There have been many games with emphasis on the aural senses. Any of the music games to start off with: Rock Band, Guitar Hero, Frets On Fire
- all the way to Audiosurf
. How many people hear the "Wololo" and get the Age of Empire
nostalgia? Who here still remembers "Do a barrel roll!"? All the while can you still connect with Link while he never talks?
Please note, I really wanted to use a 'Kinect' gag there but, alas, t'was not to be.
Sound, either music, effects or silence can change the atmosphere of any medium. But in video games where the 'interaction' is supposedly different it could be argued that it doesn't play such an important role. I disagree. I believe sound, especially in such an individualized and personal space has a much greater part to play in the experience.
One of the first games I remember adoring the soundtrack for was The Neverhood
. The wacky whistling in the demo made me want that to play the game even more. I still burst out into the song on the occasion even now. Hopefully people will agree that Terry S. Taylor did an amazing job - one of the finest soundtracks, game or otherwise. Simply it was just that creative and out there to fit the style of the game and helped draw you in.
with the announcer helped suck you into that multiplayer. Everyone loved to hear "Mega Kill, Ultra Kill, M-M-Monster Kill, Godlike (Ludicrous), Holy Shit, Unpossible!" when playing. It screamed utter domination to all those around you. But all of these sounds and memories can apply to media you could say.
So why is gaming so special? Have you bought many game soundtracks recently - for the most part I'm going to guess not. Because games like Grim Fandango, Bioshock, Total Annihilation, Tony Hawk's, Grand Theft Auto (Vice City baby!), Mario Galaxy, Monkey Island, Stubbs The Zombie, Red Dead Redemption, Little Big Planet, Afro Samurai, Brutal Legend, Warcraft, Starcraft
....I could go on forever and give games with amazing soundtracks.
But gaming, doesn't solely rely on soundtracks. It relies on effects, noises, clips and shorts. The guns firing. The voice acting. The footsteps. The echoes. The lights flickering. The silence.
For games like Silent Hill
(SH 2 being the best by far), Dead Space, Fatal Frame, Clock Tower, Alone In The Dark, Eternal Darkness
and, of course, Resident Evil
suspense and immersion is critical. And these games can use the most effective tool of any game. Silence.
Put your cursor above the play button on the video below. I want you to close your eyes, click play and listen to this. Don't think about anything else but your ears and the sound. I promise I won't get a random screaming in your head.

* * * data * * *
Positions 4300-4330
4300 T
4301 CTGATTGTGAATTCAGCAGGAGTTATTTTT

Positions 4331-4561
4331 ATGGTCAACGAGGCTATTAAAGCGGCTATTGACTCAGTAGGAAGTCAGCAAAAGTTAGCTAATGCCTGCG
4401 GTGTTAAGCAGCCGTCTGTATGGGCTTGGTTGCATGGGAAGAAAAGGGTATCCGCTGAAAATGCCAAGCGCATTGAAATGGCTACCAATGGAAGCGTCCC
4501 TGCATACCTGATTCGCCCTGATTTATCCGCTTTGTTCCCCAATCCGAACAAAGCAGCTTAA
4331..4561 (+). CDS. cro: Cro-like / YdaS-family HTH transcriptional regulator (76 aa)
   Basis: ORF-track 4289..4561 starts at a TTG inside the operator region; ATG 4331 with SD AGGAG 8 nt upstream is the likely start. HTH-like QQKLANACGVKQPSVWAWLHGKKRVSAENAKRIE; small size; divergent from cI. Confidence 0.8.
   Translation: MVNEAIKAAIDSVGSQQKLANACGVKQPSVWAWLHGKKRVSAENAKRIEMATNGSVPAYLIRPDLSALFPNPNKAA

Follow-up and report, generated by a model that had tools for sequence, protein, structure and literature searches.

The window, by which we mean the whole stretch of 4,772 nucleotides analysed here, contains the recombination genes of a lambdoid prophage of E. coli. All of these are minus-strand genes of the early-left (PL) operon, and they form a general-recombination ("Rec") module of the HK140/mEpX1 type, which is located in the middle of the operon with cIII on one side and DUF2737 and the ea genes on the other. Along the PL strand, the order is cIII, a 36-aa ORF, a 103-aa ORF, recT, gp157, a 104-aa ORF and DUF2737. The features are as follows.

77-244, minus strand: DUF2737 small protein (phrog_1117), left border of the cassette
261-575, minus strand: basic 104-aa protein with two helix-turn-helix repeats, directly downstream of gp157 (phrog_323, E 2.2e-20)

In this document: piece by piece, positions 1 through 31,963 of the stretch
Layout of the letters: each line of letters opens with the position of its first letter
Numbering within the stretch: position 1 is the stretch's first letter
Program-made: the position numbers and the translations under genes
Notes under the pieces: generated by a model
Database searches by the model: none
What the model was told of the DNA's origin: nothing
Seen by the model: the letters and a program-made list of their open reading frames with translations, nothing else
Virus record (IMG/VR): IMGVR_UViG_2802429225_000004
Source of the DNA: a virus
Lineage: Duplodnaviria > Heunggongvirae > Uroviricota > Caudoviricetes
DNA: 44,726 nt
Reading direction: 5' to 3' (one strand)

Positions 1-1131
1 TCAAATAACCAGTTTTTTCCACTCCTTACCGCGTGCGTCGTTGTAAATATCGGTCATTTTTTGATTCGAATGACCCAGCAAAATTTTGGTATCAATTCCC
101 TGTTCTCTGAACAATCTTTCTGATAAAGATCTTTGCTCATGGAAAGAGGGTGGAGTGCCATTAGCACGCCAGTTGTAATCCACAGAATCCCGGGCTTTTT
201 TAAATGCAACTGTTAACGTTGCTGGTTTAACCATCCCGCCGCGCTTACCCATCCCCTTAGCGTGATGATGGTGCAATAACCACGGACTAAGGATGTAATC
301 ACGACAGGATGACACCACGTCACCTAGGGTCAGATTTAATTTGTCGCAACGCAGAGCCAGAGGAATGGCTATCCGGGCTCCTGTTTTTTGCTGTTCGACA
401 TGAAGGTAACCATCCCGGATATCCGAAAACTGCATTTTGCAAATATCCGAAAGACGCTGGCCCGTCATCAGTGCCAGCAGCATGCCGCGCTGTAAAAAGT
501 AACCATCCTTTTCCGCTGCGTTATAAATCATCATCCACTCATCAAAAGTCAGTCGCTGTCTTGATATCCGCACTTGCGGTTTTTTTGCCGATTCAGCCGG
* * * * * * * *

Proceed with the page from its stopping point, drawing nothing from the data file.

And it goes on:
I would imagine most of you would think of one of two things: 28 Days Later
, or more recently, Kick-Ass
Now you may be riding down in Mexico on your horse. Red Dead Redemption
style. Maybe shooting a bird or two on the way.
Hopefully now you're back in Silent Hill
This set shows that music can generate different situations, even without visuals. Either steady raise in tension, a distant journey or slow reflection they all have purpose. I'm not going to link to a track of silence. I would like you to sit there, take off the headphones, turn off as much as you can and sit there. Silent. Quiet. And listen. The air moving? Cars going by? All generate your current situation and your immersion in your environment.
Remember headcrabs? Ravenholm? The recharge of your shield? The shuffling of spiders? The scream from a dungeon? The barking of a robot? The barking of a dogwood?Half-Life, Halo, Zelda, Diablo, Machinarium, Kings Quest
- all these games remind me of something.
You may have noticed that I've tried to keep the text to a minimum. Because it's audio that we're on today. Not writing. Silly rabbit.
While my points may seem to have jumped over the last paragraphs they all lead to one bigger argument. Since your time reading this have you thought about a set sound, a musical track (other than those that have been played) leading to a memory, experience, nostalgic flashback?
Then whatever it was, it succeeded. Because the sound has stuck with you. Even if there is no noise. The sound has brought something to you, emotion, feeling - doesn't matter. It played it's part in getting to you. Close your eyes for a second and now think about how sound
to, well, everything.